Review by Greg Cadman
(Ed: Read Matt Bradley’s review of Stone Sour’s House Of Gold & Bones Part 1 here)
Everyone seems to be doing things in two parts these days. Harry Potter, Twilight and The Hobbit are three of the most recent film franchises to do it, and Biffy Clyro, Green Day and Coheed and Cambria have tried their hand at it this last year. It’s not exactly common for a mainstream hard rock act like Stone Sour to do something so artistically challenging, but their attempts have paid off handsomely, as House of Gold & Bones may be the peak of their career. While last year’s Part 1 was an imperfect but ultimately enjoyable effort, Part 2 is all business, and is Stone Sour’s most musically, conceptually and creatively ambitious record yet.
While Stone Sour have authored some great songs in their time, they’ve never been the most complex of bands. HOGAB Part 2 aims to change that, with plenty of new influences brought to the table but still maintaining a sound that is distinctly Stone Sour. ‘Red City’ opens this dark oddysey of salvation and isolation, a sombre number that is both quietly contemplative and crushingly heavy. A haunting piano line leads into a section accompanied by that guitar tone and Corey’s harsh growls, which are admittedly not the strongest. You’d be wrong in thinking that a series of bangers are going to follow; ‘Black John’ picks up the pace a little with its industrial stomp that brings Nine Inch Nails to mind. ‘Gravesend’ could’ve been written by Deftones, and ‘Blue Smoke’ hints at a love of old-school prog. It’s clear that since Stone Sour have become a full-time prospect for Mr. Taylor and co., their songwriting abilities have increased tenfold.
According to Taylor, both parts of HOGAB require each other to truly make sense. You could listen to individual songs if you wanted to, but it’s true that both parts complement each other with their differences and similarities. Part 1 laid down the foundation for this epic saga about a man’s journey to the titular location, and introduced both lyrical and musical themes that continue and are developed in Part 2. If you’ve not listened to Part 1 yet, do that first. If you have, listen to it again to refresh your memory. Those who are familiar with Part 1 will enjoy reprises of lyrics and even musical segments, such as the title track finale featuring the same melody as Part 1‘s ‘Absolute Zero’, and lyrics from ‘The Travellers’ reappearing in ‘The Conflagration’. These little touches give the whole package a stronger sense of continuity and remind you of how this journey started.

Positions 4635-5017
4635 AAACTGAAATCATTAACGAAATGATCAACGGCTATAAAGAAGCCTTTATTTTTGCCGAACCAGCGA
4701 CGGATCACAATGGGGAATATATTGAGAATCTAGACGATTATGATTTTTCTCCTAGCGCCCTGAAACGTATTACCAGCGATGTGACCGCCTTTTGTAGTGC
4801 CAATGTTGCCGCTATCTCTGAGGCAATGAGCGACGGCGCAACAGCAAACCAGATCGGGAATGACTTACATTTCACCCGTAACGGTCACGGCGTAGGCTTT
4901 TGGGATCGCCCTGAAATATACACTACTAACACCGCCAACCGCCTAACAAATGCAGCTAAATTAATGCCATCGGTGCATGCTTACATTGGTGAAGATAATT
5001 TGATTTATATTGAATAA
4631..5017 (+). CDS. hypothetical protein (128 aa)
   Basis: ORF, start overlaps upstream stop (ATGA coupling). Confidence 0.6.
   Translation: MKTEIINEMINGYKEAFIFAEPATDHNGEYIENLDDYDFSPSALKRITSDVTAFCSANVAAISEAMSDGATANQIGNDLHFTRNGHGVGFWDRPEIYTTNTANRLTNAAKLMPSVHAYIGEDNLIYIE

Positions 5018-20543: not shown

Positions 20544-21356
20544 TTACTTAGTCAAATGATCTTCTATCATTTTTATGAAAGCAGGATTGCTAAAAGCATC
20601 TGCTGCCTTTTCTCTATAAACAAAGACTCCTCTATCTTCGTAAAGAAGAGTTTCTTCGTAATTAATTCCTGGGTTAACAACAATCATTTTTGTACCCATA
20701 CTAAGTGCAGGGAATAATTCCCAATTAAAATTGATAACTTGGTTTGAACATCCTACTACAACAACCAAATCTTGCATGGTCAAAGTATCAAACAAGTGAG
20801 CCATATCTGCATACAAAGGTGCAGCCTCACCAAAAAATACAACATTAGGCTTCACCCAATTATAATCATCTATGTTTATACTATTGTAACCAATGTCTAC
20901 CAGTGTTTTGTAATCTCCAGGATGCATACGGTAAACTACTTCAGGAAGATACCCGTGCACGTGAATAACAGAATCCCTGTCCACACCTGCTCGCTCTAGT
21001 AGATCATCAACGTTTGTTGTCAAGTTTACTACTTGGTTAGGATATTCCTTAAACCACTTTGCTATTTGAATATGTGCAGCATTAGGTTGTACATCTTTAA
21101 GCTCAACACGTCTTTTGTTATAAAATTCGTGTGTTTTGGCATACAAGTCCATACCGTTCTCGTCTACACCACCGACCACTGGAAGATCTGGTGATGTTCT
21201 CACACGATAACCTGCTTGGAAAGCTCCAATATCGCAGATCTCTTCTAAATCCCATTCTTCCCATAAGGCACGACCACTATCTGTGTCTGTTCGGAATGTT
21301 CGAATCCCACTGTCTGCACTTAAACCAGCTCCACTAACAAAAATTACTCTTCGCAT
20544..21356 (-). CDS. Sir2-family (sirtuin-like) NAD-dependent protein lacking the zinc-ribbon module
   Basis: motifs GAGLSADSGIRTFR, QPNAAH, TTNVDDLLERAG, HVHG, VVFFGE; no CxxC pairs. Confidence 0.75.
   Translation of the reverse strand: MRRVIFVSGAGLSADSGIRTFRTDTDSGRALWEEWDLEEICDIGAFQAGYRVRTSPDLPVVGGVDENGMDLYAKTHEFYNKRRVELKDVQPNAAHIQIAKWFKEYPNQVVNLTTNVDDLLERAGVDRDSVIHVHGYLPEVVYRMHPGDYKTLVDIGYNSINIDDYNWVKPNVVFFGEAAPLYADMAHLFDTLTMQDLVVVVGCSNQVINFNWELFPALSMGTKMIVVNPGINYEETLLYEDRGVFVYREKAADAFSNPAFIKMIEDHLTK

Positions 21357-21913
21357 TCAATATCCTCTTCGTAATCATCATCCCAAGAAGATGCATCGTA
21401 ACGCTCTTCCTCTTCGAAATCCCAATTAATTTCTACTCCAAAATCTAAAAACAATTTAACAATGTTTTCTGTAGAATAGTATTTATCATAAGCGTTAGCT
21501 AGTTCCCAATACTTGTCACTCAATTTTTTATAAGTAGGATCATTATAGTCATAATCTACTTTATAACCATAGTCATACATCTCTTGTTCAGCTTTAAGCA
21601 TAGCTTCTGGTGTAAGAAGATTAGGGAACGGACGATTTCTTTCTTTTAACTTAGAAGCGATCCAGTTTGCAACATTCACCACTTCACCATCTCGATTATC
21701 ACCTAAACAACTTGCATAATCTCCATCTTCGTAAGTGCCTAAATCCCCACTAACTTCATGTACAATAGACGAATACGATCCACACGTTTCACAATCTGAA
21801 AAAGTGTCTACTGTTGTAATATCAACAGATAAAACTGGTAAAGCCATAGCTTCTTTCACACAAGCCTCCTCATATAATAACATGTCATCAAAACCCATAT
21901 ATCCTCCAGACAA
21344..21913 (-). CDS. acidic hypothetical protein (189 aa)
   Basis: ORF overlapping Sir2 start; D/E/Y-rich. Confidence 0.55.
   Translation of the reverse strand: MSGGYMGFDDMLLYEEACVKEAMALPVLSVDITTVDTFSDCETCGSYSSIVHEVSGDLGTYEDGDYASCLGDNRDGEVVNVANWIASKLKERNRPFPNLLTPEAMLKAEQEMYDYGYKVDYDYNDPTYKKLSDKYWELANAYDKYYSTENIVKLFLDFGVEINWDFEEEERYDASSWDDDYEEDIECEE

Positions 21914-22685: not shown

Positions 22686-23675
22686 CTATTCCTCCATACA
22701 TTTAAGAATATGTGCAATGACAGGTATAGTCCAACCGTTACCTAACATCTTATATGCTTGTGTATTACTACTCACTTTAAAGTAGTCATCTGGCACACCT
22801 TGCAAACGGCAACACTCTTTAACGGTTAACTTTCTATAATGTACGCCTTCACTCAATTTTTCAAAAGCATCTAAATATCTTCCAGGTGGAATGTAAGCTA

One of the best things about HOGAB Part 2 is that, like any good concept album, it’s been constructed in a way that demands the listener to listen to the whole thing in one go. This is an album that’d be better suited to one of those “An Evening With…” shows where they play the entire thing back to back – don’t be surprised if this happens at some point. While lead single ‘Do Me a Favor’ will certainly be a live setlist staple (and probably ‘Stalemate’), songs like ‘Sadist’ and ‘Peckinpah’ are far more effective in context of the whole album.
While the very nature of HOGAB 2 will prevent it from ever reaching the commercial heights of Vol. 3 or Come What(ever) May, it stands tall as one of Corey Taylor’s finest musical offerings to date. It’s no Thick As A Brick, but it’s mighty impressive considering Stone Sour’s usual forte is hard rock radio hits. Their next album has a lot to live up to.
9 out of 10
- Red City
- Black John
- The Uncanny Valley
- Blue Smoke
- Do Me a Favor
- The Conflagration
- The House of Gold & Bones